A school district in Illinois said that kids who post images of themselves engaged in lewd, inappropriate or illegal behavior - even off school grounds - are subject to disciplinary action. School officials say they are not trying to censor students but to protect them.

That's right, kids. Mom and Dad can punish you all they want, but they can't protect you like your friendly neighborhood school district. Consider the illogic of this. Michelle Vented about the unbalanced nature of some educators, and she didn't even touch on the teachers who are too busy sleeping with their students to bother with teaching their charges.

Like most ridiculous things out there, this probably had its roots in some well-intentioned idea that there are child predators out using the Internet and when young high school (and middle school) boys and girls get whacky and post pictures of themselves behaving lewdly, it is advertising to child predators. But as Augustine said,t eh road to hell is paved with good intentions. The responsibility to teach kids not to advertise their sexuality is the parents. When our society sends them mixed messages about appropriate sexual behavior, it really falls on parents to sort it all out. Not schools. Not the government. Parents.

HT: Glenn

An argument for Congressional Term Limits

Ed Morrissey deserves the accolades he gets. Today he chimes in with a piece on the recent moral failings of Congress Critters of all stripes. But the key to what Ed has to say involves the failings of leadership on the right.

Congress already has enough problems with corruption and scandal without adding even more arrogance to top it. If the leadership wants to argue that their status as elected officials somehow gives them the ability to disregard subpoenas and court orders, then the American people may want to trade that leadership to ensure that Congress understands that it operates under the same laws as the rest of us. Hastert and Boehner do not argue against an imperial presidency, but rather they are arguing for an untouchable political elite, where our elected officials risk nothing by taking bribes and selling their votes to the highest bidder. After all, the evidence of those transactions will almost always reside in their offices -- and if they can ignore duly executed subpoenas and search warrants, then they can sell themselves at will.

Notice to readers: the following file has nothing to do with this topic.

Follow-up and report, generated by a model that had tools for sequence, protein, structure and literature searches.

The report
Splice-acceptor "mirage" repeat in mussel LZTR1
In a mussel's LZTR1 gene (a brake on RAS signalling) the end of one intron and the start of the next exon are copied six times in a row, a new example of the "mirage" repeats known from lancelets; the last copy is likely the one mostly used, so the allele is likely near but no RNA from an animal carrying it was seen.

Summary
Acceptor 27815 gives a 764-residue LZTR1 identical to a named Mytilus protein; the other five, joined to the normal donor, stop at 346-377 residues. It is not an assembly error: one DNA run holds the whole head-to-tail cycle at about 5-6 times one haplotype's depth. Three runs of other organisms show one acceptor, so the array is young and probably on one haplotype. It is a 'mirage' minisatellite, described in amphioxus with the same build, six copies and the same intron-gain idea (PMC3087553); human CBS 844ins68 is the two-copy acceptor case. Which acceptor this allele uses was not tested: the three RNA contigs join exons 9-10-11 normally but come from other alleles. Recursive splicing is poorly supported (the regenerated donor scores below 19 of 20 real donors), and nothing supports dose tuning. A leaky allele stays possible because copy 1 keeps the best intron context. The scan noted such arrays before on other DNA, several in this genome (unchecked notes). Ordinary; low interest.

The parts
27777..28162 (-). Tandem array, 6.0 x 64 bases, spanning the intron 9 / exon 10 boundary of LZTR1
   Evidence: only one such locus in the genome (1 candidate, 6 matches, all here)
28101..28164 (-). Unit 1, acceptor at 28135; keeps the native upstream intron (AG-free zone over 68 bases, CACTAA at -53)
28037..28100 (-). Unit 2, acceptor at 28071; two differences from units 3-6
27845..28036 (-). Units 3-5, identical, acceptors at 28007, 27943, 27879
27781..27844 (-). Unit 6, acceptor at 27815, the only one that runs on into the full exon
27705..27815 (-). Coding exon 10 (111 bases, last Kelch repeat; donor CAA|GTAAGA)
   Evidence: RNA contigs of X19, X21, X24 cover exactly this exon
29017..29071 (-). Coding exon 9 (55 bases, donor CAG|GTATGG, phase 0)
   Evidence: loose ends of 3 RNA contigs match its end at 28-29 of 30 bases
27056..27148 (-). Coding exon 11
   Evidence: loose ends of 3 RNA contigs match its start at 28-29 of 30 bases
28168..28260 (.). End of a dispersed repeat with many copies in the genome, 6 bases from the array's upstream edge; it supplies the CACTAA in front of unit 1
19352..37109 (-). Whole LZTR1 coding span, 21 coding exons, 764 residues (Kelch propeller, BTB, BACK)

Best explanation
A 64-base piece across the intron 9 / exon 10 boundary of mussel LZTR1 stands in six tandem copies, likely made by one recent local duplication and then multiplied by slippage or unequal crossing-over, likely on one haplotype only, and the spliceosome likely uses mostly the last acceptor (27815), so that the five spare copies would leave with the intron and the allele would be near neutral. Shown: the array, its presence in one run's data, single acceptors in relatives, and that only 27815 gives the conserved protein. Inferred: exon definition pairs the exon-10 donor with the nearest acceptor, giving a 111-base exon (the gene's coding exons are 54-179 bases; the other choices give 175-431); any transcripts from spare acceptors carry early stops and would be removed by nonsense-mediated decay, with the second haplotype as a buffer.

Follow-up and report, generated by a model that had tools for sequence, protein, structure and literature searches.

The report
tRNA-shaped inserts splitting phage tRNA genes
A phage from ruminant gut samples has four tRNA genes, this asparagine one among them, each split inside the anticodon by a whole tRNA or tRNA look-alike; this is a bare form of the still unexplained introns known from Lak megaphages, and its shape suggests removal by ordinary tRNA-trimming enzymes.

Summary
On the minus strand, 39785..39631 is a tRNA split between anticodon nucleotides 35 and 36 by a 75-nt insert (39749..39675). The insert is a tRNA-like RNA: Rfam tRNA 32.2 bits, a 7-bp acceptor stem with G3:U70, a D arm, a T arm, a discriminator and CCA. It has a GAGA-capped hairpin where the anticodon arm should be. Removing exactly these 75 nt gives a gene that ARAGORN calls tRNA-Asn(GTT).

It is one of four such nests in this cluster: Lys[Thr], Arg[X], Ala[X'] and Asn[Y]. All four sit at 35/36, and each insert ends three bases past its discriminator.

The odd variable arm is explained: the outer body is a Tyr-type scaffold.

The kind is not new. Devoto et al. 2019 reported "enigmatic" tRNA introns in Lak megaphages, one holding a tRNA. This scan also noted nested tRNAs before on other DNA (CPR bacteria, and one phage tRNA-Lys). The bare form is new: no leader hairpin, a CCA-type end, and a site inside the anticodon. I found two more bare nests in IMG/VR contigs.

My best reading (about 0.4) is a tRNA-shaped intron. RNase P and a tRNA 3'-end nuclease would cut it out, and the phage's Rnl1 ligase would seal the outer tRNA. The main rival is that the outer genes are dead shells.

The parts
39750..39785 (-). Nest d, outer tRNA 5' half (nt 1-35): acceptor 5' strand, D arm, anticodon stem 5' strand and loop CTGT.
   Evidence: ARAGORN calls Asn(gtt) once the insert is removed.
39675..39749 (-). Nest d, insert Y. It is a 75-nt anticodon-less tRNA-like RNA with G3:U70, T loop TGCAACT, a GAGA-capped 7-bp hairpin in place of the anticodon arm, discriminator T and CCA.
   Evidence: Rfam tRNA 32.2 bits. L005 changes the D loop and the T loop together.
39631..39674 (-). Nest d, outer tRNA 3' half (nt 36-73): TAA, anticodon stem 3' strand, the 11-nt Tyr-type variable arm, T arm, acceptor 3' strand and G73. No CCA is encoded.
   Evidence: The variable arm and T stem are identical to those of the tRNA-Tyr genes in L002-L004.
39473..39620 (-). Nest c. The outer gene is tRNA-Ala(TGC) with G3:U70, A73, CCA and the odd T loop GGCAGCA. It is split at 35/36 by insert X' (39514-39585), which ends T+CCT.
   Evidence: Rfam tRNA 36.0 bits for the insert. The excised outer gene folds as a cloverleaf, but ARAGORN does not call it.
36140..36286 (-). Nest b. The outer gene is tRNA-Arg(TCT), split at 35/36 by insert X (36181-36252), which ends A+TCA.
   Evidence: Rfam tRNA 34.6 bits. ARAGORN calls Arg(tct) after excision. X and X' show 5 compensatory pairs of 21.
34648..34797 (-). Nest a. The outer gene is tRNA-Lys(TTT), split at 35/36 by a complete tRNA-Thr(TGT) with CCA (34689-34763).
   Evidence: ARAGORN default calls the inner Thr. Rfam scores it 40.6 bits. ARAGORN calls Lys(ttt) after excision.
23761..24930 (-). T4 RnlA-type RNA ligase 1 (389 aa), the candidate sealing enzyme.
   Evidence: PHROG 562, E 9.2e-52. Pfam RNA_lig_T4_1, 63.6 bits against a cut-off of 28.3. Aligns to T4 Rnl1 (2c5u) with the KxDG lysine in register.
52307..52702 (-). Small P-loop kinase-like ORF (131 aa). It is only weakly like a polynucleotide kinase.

In the strict constructionist view that the GOP supports, this should mean what it says: members cannot be arrested while in attendance of a session or while traveling to or from said session. They also cannot be prosecuted for their speech while in session. That's it. It's a very narrow immunity, and it has to be in order to preserve public accountability for elected officials.

I find it troubling and not just a little hypocritical that Hastert and Boehner now want to use a "living Constitution" model in order to defy valid court orders.

Imagine that, Congressional hypocrisy! Whodathunkit?

The Blogfather adds this nugget: if Hastert thinks the Democrats may take the House in November, this may be exactly the kind of precedent he wants to establish

Glenn's sarcasm is to be noted with a grain or two of salt, however, the broader point is that the spirit of Congressional license is infectious. Between the scandals on both sides of the aisle, I think we can reasonably conclude that the next swamp we might want to drain is in Washington.

UPDATE: Bryan over at Hot Air adds his thoughts on Speaker Hastert's remarkably obtuse interpretation of the Constitution.

The House, led by Republican Speaker Dennis Hastert, has gone ballistic. Hastert’s screaming about Constitutional separation of powers (the FBI is under the executive branch), and even demanding that it return whatever it took from Jefferson’s office. The Democrats are right there with him, in a rare and ill-advised show of unity.
Link again in original

Ill-advised might be a little understated. What is necessary is for some of us int he blogosphere to get both pissed off and curious about this story.

UPDATE II: Over in the Corner Mark Kirkorian offers a weak defense of Hastert.
The Speaker of the House may well have committed a ridiculous mistake in giving cover to a criminal from the other team, but this kind of invective is out of place. Hastert sure seems to be an ineffective leader (a la Bill Frist, a great American who should stick to what he knows how to do, and get out of the Senate as soon as possible), but neither of them is an idiot.